The Arlene Schnitzer Concert Hall is an historic theatre and performance arts center in Portland, Oregon. Originally called the Portland Publix Theater and then Paramount Theatre before taking on it's current name, it's often referred to as "The Schnitz" locally.
There are a wide range of live concerts and events scheduled throughout the year at the theatre.
The Arlene Schnitzer Concert Hall is part of the Portland Center for the Performing Arts which, as well as hosting concerts and films is also the home of the Oregon Symphony, the Portland Youth Philharmonic, the Metropolitan Youth Symphony, the White Bird Dance Company and Portland Arts & Lectures. The theatre is a cultural landmark in Portland.
The theater has 2,776 seats for patrons including both orchestra level and balcony level seating. It also features a portable and flexible acoustical shell making the interior excellent for music concerts. It has dressing rooms for 90, the stage is 94 × 32-foot with a 54 × 32-foot traditional proscenium. There is also an orchestra pit for 15 and a choir loft.
The building was placed on the National Register of Historic Places in 1976, and was renamed after Arlene Schnitzer in 1984, a Portland resident who contributed generously to it's renovation along with her husband Harold Schnitzer.
The Arlene Schnitzer Concert Hall has a rich history dating back to when it first opened in 1928, and was originally called the Portland Publix Theater. From 1930 onwards it was renamed the Paramount Theater due to a contract to show the films of Paramount Pictures. The theater showed films until 1972 and then hosted concerts thereafter.
There were a number of large theater houses on Broadway in Portland and the Schnitz was the last surviving theater building on the street. There is access to the building on both Broadway, Main Street and Park Avenue. The building can be seen from a distance even at night due to the "Portland" sign above the Broadway marquee, which at 65 feet high features approximately 6,000 theatrical lights. From 1930 to 1984 the sign read "Paramount".
The building was designed by the architecture firm Rapp and Rapp and modeled in an Italian renaissance style. In the same year of it's opening in 1928, an unusual robbery occurred at the theater. In July of that year, Robert Nolan, a Southern California resident appeared as an extra in the movie "Wheel of Chance", and once back in Oregon saw the movie was playing at the theater and attended in order to see himself on the big screen. However while in the lobby he saw two staff members carrying that day's receipts and while watching the movie decided to get some extra cash. So he held up the attendants for $1176 at the box office. Nolan was arrested days later. He had spent nearly all the money (with only $1.50 left) on drinking parties and bootleggers (as during this time period there was a prohibition on alcohol in the United States.)
During the 1930's the theater hired a "psychic" and musicians to entertain the patrons in the lobby before the showing of movies to attract more business. In 1936 the Evergreen chain purchased the theater along with John Hamrick. They also owned eight other Portland based movie theaters.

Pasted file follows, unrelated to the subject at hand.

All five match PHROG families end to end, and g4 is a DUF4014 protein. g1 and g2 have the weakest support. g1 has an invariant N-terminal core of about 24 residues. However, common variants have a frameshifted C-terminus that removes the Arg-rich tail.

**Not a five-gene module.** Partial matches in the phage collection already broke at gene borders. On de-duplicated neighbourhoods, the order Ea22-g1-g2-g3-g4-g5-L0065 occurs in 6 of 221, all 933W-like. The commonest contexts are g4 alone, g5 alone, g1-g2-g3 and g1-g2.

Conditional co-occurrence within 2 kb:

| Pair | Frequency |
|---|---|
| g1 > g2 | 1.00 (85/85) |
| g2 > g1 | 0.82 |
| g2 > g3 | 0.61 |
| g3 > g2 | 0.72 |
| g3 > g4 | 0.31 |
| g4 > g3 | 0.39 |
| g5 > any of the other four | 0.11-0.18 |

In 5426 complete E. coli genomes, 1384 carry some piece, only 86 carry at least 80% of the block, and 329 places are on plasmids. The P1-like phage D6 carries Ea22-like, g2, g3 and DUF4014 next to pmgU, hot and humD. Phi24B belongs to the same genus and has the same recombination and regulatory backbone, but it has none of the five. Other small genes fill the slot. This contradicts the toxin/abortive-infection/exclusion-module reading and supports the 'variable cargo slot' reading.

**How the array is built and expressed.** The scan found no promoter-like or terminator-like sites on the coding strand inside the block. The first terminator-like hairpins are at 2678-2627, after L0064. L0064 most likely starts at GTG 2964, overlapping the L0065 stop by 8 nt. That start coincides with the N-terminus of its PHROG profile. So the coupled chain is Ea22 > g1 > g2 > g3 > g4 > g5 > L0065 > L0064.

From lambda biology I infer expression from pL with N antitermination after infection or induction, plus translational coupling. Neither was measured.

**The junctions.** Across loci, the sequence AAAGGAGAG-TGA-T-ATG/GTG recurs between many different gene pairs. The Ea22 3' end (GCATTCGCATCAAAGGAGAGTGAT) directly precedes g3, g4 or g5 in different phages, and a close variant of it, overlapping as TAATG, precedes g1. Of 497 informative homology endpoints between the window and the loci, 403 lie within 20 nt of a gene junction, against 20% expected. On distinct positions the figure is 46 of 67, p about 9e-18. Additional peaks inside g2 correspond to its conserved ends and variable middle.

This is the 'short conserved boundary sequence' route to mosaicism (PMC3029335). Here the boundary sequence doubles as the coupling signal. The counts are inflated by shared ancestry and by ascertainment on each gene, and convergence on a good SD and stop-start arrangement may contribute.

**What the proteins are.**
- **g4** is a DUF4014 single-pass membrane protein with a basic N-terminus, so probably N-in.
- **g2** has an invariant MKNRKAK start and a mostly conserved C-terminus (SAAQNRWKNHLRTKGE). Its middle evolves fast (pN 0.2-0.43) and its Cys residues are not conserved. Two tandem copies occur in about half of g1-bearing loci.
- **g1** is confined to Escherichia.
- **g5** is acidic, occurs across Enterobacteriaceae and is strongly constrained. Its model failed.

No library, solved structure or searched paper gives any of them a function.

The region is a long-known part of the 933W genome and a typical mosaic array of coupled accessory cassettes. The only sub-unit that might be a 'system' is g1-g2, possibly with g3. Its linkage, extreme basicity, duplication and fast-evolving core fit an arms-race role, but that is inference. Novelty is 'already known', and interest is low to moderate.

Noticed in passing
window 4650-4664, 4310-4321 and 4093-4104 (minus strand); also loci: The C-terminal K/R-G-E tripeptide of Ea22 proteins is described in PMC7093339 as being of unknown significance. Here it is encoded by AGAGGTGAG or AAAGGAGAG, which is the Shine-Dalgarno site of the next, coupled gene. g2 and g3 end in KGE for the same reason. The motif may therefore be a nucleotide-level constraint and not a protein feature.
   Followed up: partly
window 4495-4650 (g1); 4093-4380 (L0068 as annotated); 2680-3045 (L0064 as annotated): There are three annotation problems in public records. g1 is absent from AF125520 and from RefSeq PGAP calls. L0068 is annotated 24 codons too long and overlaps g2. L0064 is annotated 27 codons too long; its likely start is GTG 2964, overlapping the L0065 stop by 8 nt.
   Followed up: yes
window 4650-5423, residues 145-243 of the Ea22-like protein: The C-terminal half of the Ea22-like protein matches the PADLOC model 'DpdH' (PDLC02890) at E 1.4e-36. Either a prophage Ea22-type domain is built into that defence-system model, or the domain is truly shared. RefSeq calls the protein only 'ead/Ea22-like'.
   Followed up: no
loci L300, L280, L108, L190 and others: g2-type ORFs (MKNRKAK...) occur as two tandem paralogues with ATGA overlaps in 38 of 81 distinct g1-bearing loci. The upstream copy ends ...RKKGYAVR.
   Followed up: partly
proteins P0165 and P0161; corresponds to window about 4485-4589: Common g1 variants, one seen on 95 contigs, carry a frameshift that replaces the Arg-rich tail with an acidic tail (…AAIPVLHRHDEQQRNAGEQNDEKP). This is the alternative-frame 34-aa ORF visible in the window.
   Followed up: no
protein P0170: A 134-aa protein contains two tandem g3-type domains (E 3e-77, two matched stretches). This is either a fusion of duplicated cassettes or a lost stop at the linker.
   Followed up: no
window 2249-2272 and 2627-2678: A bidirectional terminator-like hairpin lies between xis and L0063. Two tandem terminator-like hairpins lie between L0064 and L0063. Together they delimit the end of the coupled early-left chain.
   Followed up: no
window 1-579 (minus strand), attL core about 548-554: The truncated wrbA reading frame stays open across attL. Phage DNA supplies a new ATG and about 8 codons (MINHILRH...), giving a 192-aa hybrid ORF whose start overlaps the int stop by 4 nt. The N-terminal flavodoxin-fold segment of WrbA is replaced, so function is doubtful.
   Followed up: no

The building changed ownership again 35 years later as it desperately needed maintenance and was bought by John Haviland in 1971. Haviland was the owner of the Park-Haviland Hotel. The theater was subsequently leased to Tom Moyer, who owned a chain of movie theaters. Haviland considered the theater was not economical to operate as a 3,000 movie theatre in the age of television, and so the last movies were shown in August 1972.
Haviland auctioned off many of the fittings inside the building in March 1975, including the pipe organ, 3 grand pianos, a suit of armor from the 16th century and many other items such as antique furniture. The audience however objected to the sale of a marble statue called "Surprise" (which was a nude girl with her hands thrown across her face, that had a missing finger that was shot off during a box office robbery in the 50's) and so they collectively raised $5,233.97 in order to keep it in the theater lobby.
The Theater was sold again in August 1976 to West Coast Theatres. In 1983, The City of Portland (city council) condemned the building (officially declared the building to be unfit for use or consumption) and paid $4.1 million dollars to the owner in compensation for it. From costing $500,000 in 1928 to build, the building is now estimated to be worth more that $32 million. Major renovations started in September 1983 using the designs of Boora Architects to achieve a restoration faithful to it's original design.
Among the various restorations was the 65 foot high sign reading "Paramount" being replaced by a replica sign reading "Portland" (which is what the sign read from it's opening in 1928 to 1930). The theater was re-opened in September 1984 and named after Arlene Schnitzer, a resident who, along with husband Harold Schnitzer, contributed generously in a restoration that took one year and $10 million.
Presently, the Arlene Schnitzer Concert Hall hosts music concerts of many different genres including classical, pop, rock and jazz. Other live performances and events include theatre, dance and arts, as well as hosting conferences, weddings and travel films. The venue has a wonderful atmosphere and a wide selection of concerts and events for you, your friends and family to enjoy.
The building is surrounded with plenty of parking, many restaurants and hotels and is a major cultural, historic and architectural attraction in Portland.